It didn’t take long for this illusion to shatter. As I gradually exhausted everything Battlefront had to offer, the gameplay grew repetitive and the excitement I’d once felt on Christmas morning began to sour. It was also increasingly apparent that Halo 2, which was released a few weeks after Battlefront, was the current favorite among friends and classmates—and since it was rated Mature, I wasn’t allowed to play it. Compared to the otherworldly amusements of the Halo franchise, Star Wars felt third-rate and childish, and Battlefront felt like a persistent reminder of all the experiences I was missing.

Then, a miracle. One day while browsing the website for LucasArts, the developer behind most Star Wars games pre-Disney acquisition, I noticed screenshots for a new Star Wars game called Republic Commando. Everything about it—Shotguns! Blood and guts! First-person perspectives!—promised a Halo-like experience in a blissfully Teen-rated Star Wars package. It seemed almost too good to be true. I memorized everything about the pre-release details, from the summaries to the trailer to the screenshots. I drove my family and friends crazy talking about it. I daydreamed about it during my middle school English class. I couldn’t wait.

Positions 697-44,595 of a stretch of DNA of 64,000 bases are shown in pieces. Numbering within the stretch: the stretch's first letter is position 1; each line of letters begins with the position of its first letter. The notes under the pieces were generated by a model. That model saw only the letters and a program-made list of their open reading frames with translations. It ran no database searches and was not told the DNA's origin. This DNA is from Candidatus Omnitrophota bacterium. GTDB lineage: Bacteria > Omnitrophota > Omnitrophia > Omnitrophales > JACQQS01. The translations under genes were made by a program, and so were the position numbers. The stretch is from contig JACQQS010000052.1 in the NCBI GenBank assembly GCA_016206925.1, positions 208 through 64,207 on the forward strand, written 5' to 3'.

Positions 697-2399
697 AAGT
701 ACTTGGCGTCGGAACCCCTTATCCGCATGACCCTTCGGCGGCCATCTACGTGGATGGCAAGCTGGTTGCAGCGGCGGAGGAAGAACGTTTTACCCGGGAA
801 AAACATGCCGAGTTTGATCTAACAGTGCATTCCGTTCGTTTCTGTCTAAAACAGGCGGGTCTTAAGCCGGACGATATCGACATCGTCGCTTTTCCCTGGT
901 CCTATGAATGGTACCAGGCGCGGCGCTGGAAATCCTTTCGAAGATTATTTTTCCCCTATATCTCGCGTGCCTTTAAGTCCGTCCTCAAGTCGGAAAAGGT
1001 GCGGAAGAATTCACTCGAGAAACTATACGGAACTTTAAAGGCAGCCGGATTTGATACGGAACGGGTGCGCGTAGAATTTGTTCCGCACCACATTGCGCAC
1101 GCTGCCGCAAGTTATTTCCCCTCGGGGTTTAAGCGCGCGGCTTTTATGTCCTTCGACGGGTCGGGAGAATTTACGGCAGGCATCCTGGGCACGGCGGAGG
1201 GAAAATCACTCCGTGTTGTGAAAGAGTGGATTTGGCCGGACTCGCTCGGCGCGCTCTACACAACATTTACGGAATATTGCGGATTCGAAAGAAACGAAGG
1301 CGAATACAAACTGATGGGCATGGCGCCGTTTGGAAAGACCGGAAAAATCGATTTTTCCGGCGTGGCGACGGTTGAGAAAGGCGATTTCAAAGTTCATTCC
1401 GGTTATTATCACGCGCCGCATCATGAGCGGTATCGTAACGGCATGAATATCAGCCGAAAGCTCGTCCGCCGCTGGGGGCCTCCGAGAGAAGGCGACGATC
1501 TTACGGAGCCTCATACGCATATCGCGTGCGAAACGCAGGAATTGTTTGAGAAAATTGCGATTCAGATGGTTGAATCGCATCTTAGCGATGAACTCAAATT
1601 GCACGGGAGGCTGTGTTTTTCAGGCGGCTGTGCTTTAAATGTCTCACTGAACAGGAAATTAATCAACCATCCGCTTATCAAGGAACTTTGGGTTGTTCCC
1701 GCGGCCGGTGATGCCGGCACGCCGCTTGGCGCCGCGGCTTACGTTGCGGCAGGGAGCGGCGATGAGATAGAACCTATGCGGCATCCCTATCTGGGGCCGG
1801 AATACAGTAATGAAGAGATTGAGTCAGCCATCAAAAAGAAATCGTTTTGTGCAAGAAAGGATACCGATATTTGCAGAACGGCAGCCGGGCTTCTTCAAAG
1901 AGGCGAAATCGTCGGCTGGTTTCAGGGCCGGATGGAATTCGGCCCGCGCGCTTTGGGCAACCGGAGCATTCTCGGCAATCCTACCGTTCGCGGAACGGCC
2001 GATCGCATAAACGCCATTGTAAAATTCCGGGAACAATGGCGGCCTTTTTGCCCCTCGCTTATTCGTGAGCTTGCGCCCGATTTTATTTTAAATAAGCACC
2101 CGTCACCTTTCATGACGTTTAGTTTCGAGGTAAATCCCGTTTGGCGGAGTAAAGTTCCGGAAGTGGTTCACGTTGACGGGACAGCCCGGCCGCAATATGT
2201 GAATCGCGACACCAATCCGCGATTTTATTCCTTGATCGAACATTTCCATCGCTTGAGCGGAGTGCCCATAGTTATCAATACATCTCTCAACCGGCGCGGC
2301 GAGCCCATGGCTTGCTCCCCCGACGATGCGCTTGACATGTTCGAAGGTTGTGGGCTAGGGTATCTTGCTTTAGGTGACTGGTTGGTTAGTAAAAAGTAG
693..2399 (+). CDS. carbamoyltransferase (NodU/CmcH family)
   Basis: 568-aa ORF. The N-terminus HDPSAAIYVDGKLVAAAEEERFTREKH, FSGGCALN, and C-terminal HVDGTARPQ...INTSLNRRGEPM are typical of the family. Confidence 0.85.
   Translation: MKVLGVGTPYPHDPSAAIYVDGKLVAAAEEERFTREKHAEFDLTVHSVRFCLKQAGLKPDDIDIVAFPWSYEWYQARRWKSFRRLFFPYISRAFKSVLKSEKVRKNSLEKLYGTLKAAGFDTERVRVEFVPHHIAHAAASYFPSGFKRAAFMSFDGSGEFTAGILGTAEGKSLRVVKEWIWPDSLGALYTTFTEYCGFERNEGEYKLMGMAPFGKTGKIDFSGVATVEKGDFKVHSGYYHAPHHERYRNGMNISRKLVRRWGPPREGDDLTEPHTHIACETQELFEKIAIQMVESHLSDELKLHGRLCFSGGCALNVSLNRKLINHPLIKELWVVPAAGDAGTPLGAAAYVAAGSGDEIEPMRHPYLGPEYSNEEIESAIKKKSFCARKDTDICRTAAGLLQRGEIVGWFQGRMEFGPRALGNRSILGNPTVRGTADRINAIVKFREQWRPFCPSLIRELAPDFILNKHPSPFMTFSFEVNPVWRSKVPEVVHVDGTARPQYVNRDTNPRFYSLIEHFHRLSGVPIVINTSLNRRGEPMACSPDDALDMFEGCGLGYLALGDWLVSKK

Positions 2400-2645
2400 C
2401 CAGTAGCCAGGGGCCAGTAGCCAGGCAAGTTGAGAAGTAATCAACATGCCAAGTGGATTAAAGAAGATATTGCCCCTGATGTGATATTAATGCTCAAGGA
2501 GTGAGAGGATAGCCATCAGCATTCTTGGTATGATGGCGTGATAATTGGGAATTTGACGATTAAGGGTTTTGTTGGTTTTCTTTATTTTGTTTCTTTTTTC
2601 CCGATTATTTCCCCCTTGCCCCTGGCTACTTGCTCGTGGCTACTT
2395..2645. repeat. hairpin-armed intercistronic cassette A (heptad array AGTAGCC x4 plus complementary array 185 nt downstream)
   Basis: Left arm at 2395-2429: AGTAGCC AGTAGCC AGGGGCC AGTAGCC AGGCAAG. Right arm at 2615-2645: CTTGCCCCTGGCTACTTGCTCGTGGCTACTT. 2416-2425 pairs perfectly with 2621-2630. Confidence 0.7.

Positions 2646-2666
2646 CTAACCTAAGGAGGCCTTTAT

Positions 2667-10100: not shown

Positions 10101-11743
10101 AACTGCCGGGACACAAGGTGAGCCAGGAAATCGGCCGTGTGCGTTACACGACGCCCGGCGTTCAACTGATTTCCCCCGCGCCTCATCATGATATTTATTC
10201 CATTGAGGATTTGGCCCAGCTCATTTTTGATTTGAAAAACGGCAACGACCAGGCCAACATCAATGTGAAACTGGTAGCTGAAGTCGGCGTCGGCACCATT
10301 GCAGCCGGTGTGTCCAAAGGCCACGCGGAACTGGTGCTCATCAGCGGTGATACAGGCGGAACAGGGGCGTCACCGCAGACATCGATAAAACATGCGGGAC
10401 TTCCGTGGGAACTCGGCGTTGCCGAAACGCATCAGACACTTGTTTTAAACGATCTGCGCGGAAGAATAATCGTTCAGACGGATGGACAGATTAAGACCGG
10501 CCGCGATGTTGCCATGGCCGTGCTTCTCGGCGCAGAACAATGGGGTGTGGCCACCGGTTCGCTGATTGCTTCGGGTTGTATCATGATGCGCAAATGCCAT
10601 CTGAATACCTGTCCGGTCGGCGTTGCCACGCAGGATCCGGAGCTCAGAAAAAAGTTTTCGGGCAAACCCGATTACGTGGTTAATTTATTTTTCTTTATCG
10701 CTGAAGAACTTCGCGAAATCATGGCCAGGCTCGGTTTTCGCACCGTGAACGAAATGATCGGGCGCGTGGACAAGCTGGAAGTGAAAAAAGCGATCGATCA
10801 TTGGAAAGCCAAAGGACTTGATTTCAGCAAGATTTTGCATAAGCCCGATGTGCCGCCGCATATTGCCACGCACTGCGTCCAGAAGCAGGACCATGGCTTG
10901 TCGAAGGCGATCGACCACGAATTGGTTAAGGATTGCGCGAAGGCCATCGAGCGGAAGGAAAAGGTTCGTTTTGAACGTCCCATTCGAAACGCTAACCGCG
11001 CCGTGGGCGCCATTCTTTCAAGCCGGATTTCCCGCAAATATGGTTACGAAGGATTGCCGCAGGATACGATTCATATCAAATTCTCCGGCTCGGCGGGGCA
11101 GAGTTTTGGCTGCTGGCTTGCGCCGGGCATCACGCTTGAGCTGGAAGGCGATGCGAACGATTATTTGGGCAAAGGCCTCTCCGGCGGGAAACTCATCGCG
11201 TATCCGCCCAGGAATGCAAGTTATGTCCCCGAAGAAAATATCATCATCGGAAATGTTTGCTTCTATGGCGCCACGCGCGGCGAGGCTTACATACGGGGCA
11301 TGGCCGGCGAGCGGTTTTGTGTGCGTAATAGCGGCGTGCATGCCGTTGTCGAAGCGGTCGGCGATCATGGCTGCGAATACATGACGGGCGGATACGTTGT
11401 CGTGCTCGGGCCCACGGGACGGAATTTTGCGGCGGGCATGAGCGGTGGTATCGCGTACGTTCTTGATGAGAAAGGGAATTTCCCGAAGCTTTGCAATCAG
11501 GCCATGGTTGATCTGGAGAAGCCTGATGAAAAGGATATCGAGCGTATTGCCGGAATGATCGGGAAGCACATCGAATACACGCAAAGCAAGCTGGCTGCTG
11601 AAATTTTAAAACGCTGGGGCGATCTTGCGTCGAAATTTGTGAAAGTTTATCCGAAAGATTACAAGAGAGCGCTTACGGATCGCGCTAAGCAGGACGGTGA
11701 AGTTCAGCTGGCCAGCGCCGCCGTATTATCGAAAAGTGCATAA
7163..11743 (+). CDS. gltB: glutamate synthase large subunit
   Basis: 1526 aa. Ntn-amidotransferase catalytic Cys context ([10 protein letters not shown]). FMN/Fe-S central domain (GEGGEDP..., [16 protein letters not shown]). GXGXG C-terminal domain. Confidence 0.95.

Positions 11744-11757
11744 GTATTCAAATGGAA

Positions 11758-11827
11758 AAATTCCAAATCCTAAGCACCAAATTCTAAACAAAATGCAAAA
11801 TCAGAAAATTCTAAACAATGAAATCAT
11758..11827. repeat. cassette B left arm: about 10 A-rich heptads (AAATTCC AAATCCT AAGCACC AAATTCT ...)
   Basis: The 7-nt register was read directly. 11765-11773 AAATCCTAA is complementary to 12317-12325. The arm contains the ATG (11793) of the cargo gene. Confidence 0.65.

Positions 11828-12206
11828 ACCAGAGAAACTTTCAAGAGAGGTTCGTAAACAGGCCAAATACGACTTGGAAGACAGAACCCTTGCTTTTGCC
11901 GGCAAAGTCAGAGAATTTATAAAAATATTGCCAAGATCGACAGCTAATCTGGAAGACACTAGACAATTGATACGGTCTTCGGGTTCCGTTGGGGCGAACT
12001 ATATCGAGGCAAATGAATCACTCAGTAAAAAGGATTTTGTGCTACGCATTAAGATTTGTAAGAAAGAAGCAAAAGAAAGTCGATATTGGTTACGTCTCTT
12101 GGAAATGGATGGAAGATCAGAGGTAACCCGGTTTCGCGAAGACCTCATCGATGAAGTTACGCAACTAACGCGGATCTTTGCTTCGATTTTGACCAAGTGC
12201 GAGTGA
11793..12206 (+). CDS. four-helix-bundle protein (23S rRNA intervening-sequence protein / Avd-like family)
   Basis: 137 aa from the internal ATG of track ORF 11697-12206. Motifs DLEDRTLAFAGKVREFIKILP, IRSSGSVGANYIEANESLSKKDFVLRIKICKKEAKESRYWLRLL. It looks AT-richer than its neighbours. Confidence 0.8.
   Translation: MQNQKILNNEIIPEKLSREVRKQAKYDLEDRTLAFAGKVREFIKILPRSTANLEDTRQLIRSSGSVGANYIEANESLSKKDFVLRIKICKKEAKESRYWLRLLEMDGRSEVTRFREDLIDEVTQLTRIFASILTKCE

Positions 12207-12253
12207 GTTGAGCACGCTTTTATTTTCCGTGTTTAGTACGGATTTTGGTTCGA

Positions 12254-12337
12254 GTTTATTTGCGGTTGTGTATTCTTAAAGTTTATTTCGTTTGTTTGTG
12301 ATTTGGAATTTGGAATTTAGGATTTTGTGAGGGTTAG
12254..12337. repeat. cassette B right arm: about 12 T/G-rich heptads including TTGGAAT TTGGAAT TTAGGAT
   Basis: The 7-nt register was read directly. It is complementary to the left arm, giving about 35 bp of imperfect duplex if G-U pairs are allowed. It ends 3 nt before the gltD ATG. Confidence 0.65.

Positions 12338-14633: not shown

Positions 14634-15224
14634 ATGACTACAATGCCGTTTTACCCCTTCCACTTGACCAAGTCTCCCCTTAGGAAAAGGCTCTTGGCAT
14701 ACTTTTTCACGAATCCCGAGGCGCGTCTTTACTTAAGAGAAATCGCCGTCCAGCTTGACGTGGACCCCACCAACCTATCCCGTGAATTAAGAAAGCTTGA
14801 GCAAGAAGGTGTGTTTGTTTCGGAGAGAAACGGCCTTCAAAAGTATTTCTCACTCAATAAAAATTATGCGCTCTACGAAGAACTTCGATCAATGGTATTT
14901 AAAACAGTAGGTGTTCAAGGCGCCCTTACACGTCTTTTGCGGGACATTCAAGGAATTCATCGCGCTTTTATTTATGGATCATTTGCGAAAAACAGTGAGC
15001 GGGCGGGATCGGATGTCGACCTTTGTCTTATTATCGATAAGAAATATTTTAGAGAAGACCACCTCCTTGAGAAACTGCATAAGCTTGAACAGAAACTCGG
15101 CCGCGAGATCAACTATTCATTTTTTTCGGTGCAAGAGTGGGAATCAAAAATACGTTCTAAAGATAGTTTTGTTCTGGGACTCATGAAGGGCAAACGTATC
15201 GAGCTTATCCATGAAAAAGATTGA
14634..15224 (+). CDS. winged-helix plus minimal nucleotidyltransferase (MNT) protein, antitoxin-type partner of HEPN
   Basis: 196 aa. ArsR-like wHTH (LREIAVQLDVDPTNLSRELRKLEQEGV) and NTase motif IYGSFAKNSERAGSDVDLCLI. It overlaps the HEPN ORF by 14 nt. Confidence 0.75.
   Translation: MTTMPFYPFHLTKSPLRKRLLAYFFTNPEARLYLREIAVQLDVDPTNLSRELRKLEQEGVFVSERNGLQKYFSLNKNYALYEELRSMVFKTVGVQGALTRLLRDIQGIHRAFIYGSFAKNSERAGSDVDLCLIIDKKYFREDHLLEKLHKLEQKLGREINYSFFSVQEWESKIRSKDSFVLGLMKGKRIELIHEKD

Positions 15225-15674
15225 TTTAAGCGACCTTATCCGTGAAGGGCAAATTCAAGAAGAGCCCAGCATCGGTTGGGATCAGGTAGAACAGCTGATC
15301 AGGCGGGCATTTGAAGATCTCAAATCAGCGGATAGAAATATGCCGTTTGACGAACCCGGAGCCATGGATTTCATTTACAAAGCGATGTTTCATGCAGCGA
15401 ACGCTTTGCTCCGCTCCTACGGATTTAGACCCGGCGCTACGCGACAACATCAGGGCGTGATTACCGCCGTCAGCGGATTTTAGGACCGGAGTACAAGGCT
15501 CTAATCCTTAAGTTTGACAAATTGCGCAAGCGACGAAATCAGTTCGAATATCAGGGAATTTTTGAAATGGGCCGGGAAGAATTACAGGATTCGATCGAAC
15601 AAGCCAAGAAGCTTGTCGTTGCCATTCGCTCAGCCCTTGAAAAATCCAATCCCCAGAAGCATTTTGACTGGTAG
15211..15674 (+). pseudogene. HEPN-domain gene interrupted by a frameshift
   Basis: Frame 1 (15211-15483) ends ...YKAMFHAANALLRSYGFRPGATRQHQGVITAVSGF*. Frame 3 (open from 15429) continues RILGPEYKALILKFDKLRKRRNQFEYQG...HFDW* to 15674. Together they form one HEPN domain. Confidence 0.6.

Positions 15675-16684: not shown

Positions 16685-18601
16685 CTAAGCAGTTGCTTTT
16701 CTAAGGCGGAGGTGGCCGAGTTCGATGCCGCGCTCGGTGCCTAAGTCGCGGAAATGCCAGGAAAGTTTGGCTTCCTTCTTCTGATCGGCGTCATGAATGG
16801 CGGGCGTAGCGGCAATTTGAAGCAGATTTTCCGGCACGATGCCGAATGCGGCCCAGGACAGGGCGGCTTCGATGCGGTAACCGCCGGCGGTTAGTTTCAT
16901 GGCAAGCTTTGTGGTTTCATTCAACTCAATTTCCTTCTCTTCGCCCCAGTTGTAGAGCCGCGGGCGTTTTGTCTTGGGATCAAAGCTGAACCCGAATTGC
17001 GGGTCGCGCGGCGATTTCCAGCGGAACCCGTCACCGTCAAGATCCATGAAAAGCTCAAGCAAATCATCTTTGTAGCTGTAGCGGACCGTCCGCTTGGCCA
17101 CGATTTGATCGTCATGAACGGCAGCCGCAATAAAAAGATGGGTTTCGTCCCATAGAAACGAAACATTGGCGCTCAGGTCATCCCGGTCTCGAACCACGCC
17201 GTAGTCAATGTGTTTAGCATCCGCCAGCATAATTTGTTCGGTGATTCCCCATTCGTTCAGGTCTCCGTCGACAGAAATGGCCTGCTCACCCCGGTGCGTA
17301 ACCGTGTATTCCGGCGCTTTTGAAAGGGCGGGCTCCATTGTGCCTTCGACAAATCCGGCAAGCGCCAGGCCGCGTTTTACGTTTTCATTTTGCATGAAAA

I pre-ordered the game at my local Hastings and anxiously counted down the days until release. After staring at the box art online for months, picking it off the store shelves and holding it in my hands felt surreal. I clutched it tightly to my chest as Trenton and I ran home. While the game loaded, my blood pulsed with anticipation. Like Battlefront, Trenton may not have been allowed to play the game, but he was every bit as excited about it as I was. As I worked my way through the worlds of Republic Commando, he watched me play it with religious devotion.

Then came Lego Star Wars, which was released just a few weeks after Republic Commando. Trenton, who at the time wasn’t much of a video game or a Star Wars fan, asked my parents if they would buy it as a gift for his birthday. At the time, neither of us knew much about it other than that it looked like a picture book retelling of the first three Star Wars movies with Lego blocks instead of people. That it was designed for kids and lacked the gory, gritty realism of Republic Commando was obvious; how could a game about Legos be anywhere near as entertaining as a full-fledged first-person shooter? The way I saw it, Lego Star Wars was his consolation prize for not being able to play Teen-rated games, so I encouraged him to get it.